Some Daubert opponents often argue that any reliability test is improper for expert testimony, and eyewitnesses’ testimony is not subject to any special reliability test.
In this regard, the modern rules for expert testimony assert that such testimony is susceptible to “adversarial bias,” which refers to witness bias that occurs because experts are hired to persuade the claim of the hiring party in litigation; and thus, adversarial bias is presented by experts who will consciously comply their testimony with the trend of the attorney who hires them.
Although, a lay witness can also have conscious bias, it is not as serious as an experts’ opinion because lay witnesses are not paid for their testimony. This eradicates the chance of testifying as a paid witness since the scope of lay witness’s opinion testimony is limited to their own perceptions. Generally in any particular case there is a restricted group of possible ordinary fact witnesses; and the jury would be most likely to believe that an expert witness, especially a scientist, is an impartial witness in litigation.
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Although, for the most part is likely to impeach a lay witness’s testimony by showing the foundation of their bias; for example, their financial outcome in the litigation, or a relationship with a party, the opposing attorney will certainly find it very difficult to impeach a hired expert for being paid for his testimony since the opposing attorney may have his own expert witness who may be open and accurate on his payment for litigation, so even the conscious bias of a paid expert will probably not succeed on cross-examination.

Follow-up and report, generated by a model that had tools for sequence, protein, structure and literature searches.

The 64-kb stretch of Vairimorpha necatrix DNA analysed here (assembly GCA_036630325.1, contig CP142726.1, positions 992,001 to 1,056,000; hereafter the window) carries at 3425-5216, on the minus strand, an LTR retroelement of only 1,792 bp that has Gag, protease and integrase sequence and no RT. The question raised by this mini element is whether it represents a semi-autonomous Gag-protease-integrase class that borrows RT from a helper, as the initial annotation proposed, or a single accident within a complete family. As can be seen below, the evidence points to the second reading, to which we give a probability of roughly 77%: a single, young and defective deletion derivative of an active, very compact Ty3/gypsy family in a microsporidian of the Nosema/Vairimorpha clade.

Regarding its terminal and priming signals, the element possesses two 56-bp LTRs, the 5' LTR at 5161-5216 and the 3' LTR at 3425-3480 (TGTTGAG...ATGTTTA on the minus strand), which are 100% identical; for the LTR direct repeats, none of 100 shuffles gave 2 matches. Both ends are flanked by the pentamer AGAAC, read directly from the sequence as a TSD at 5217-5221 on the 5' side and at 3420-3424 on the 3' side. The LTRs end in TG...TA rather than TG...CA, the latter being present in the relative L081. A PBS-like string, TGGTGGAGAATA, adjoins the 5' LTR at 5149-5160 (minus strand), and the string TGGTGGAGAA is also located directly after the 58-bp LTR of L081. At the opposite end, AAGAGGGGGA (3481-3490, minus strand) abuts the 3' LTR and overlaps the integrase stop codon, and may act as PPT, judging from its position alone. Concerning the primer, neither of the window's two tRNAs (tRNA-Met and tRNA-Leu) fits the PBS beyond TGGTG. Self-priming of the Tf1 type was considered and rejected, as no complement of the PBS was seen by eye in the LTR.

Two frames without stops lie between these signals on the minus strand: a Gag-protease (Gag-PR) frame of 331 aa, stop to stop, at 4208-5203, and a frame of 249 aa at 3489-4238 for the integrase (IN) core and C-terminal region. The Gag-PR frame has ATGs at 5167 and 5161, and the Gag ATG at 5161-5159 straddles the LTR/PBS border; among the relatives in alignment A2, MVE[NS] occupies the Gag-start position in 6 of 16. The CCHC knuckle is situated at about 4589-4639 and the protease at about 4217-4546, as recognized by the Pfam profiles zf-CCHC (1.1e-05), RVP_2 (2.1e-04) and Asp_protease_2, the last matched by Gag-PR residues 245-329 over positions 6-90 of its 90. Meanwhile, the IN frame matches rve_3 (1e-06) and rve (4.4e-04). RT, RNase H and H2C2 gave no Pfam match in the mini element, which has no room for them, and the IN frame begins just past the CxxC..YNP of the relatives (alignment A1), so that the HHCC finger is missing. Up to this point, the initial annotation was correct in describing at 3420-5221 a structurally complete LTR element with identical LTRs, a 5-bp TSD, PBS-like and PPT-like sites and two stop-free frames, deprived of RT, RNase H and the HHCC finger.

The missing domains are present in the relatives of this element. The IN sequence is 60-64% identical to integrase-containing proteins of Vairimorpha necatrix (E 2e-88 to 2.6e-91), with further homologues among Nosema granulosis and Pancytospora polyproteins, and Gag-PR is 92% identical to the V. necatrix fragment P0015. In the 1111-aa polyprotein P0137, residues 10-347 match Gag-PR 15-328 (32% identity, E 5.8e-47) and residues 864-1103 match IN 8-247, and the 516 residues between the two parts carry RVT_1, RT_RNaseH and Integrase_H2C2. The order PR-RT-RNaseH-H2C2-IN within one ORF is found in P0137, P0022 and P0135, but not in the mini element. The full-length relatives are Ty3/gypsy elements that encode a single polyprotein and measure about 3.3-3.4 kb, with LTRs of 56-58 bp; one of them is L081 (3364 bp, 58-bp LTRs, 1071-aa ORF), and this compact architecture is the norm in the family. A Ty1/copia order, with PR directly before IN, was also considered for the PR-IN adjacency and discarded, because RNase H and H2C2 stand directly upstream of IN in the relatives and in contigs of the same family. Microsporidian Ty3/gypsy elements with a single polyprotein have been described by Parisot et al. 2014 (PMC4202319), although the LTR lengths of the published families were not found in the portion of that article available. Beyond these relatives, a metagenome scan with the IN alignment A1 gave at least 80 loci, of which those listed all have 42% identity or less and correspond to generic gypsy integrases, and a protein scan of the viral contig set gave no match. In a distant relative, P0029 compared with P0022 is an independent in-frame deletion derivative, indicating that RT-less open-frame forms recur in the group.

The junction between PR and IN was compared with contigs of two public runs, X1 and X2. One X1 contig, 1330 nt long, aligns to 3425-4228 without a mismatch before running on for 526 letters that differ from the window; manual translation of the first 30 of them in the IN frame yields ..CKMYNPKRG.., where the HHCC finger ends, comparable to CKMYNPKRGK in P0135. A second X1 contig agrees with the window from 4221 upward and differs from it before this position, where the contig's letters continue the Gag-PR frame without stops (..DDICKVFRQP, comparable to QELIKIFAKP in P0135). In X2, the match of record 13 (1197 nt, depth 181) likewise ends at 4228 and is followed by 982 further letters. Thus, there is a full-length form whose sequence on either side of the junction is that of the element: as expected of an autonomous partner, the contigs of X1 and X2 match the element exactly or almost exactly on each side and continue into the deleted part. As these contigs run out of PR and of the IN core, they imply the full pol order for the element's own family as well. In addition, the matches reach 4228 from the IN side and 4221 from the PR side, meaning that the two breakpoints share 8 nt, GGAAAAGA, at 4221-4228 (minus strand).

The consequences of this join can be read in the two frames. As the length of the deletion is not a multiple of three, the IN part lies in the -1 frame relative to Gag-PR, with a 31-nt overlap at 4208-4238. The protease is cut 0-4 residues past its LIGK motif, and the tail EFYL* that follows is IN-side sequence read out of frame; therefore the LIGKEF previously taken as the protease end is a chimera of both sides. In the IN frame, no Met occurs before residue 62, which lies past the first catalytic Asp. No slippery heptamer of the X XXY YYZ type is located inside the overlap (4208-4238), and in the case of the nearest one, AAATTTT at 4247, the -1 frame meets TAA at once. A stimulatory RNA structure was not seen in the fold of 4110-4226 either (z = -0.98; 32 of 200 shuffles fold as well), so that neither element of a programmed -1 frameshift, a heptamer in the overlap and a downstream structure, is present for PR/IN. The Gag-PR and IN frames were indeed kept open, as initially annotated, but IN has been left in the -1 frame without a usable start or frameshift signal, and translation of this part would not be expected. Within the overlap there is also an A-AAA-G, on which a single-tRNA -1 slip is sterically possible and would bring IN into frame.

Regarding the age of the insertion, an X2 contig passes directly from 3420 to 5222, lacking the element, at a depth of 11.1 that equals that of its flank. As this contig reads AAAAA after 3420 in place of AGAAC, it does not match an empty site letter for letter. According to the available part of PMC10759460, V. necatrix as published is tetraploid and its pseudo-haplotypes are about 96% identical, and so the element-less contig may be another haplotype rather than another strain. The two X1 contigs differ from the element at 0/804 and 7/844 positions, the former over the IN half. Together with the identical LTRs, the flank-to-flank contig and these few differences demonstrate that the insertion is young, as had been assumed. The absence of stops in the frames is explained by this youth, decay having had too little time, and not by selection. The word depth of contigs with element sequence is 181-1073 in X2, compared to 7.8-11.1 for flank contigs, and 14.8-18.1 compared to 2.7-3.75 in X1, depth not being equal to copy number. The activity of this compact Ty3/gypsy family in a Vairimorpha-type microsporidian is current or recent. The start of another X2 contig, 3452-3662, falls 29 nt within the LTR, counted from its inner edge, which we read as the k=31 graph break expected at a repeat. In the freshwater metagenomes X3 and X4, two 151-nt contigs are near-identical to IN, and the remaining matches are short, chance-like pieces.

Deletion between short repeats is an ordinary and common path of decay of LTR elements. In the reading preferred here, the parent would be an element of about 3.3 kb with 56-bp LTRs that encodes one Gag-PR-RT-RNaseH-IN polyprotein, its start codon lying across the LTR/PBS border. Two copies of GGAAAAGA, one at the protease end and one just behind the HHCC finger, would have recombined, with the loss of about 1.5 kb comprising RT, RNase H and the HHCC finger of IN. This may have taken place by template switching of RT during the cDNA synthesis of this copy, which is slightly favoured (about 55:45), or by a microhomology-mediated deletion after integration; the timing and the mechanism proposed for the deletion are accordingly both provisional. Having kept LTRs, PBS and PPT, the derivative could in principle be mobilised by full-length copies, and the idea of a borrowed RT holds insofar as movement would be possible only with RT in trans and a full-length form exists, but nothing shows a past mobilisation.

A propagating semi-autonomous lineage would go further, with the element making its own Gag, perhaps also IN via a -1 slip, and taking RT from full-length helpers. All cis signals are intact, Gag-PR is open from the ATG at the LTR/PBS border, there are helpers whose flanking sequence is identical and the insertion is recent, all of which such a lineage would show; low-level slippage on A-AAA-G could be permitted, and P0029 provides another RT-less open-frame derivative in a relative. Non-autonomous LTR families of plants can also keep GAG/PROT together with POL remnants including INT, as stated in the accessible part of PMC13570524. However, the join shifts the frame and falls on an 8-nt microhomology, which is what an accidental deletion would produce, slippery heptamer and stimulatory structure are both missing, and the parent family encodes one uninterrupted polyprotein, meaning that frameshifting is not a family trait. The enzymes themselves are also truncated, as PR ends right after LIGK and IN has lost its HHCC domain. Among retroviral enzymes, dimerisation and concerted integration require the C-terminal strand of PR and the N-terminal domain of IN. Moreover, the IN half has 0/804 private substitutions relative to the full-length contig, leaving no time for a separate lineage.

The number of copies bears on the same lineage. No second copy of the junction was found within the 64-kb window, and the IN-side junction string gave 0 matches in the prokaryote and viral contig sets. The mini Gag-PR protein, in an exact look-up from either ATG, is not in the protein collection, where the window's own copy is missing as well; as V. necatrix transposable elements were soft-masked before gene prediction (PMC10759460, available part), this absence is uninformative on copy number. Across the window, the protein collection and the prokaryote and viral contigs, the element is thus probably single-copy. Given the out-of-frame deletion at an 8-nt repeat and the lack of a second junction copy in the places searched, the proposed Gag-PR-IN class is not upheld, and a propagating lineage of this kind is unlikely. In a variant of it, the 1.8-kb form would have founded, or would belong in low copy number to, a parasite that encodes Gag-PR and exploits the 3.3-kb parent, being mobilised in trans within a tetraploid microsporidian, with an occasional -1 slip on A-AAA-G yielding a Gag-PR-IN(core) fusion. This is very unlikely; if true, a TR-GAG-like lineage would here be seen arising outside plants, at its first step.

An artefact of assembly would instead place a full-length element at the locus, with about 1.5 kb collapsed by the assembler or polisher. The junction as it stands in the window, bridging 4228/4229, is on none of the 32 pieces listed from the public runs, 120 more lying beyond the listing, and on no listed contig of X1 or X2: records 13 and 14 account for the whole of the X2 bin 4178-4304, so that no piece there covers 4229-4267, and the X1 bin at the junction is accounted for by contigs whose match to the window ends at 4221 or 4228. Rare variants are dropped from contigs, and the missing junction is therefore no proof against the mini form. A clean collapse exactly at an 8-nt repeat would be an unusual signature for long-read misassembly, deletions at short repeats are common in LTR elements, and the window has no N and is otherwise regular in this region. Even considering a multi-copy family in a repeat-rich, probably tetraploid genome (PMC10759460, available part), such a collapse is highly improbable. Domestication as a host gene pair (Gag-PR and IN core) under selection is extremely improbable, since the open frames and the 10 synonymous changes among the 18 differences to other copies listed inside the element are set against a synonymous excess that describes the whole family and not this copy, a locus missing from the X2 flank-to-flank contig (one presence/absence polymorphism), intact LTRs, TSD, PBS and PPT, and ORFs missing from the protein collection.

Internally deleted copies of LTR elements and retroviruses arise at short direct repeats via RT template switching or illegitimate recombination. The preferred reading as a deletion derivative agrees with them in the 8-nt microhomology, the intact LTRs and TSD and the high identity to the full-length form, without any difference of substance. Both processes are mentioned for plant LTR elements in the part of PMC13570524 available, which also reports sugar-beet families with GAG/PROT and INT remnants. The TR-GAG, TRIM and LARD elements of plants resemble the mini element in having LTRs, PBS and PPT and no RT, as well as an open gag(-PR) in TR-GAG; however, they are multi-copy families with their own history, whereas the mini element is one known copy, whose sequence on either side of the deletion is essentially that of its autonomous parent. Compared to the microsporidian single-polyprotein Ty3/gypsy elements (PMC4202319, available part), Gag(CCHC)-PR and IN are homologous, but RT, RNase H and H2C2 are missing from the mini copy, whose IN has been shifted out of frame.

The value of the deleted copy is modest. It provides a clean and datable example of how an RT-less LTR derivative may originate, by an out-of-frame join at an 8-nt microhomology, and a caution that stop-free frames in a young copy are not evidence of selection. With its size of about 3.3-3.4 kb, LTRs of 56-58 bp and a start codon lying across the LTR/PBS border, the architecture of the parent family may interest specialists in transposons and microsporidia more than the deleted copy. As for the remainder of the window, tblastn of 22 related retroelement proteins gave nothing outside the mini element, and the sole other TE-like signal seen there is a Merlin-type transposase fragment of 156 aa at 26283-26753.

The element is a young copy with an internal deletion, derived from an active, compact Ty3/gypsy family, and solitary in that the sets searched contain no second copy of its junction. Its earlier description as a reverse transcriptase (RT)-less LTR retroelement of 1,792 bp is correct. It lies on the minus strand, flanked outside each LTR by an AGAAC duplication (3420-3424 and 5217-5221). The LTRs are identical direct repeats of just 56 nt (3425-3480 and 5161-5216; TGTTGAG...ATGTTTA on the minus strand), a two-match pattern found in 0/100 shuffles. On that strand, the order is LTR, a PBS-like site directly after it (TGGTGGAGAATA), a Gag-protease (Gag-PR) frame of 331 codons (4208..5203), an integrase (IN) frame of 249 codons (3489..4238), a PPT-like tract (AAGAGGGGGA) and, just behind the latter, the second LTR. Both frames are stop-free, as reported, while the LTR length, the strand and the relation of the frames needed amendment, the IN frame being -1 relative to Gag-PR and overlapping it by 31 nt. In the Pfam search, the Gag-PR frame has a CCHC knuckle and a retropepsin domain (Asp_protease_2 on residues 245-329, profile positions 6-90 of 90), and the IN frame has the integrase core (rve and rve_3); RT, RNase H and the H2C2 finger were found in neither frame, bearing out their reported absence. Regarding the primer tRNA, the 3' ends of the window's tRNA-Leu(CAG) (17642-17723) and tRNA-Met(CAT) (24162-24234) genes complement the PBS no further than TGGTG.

Likewise, expert witnesses’ testimony in the vast categories of expertise is also susceptible to adversarial bias that may be affected by unconscious bias. This represents a constant problem with regard to expert witnesses’ testimony since there is always a tendency to be helpful to those who employed the experts and satisfactorily compensated them. Because expert witnesses’ success mostly depends on favorable evaluations from hiring attorneys or prosecutors, this can lead to reach conclusions favorable to the hiring party in litigation.
The selection bias is also another type of adversarial bias, meaning that the expert’s opinion will stand for the point of view that the hiring attorney wants to present at trial. Frequently, experts are selected if their opinion is known to support the attorney’s position. As a consequence, the court does not get fair expert opinion, from each party’s experts, but an incomparable opinion from each side.
Therefore, this is the attorneys’ reason to retain those experts whose views happen to coincide with the hiring attorneys’ theory of the case. Even if the attorney chooses not to employ an expert or cannot find one, selection bias will allow the attorney to find friendly experts. If so, the jury will receive a false perception of the matter at issue, especially when the expert opinion significantly favors one side. Thus, based on the particular circumstances, the jury may not hear from any expert whose views represent friendly expert opinions.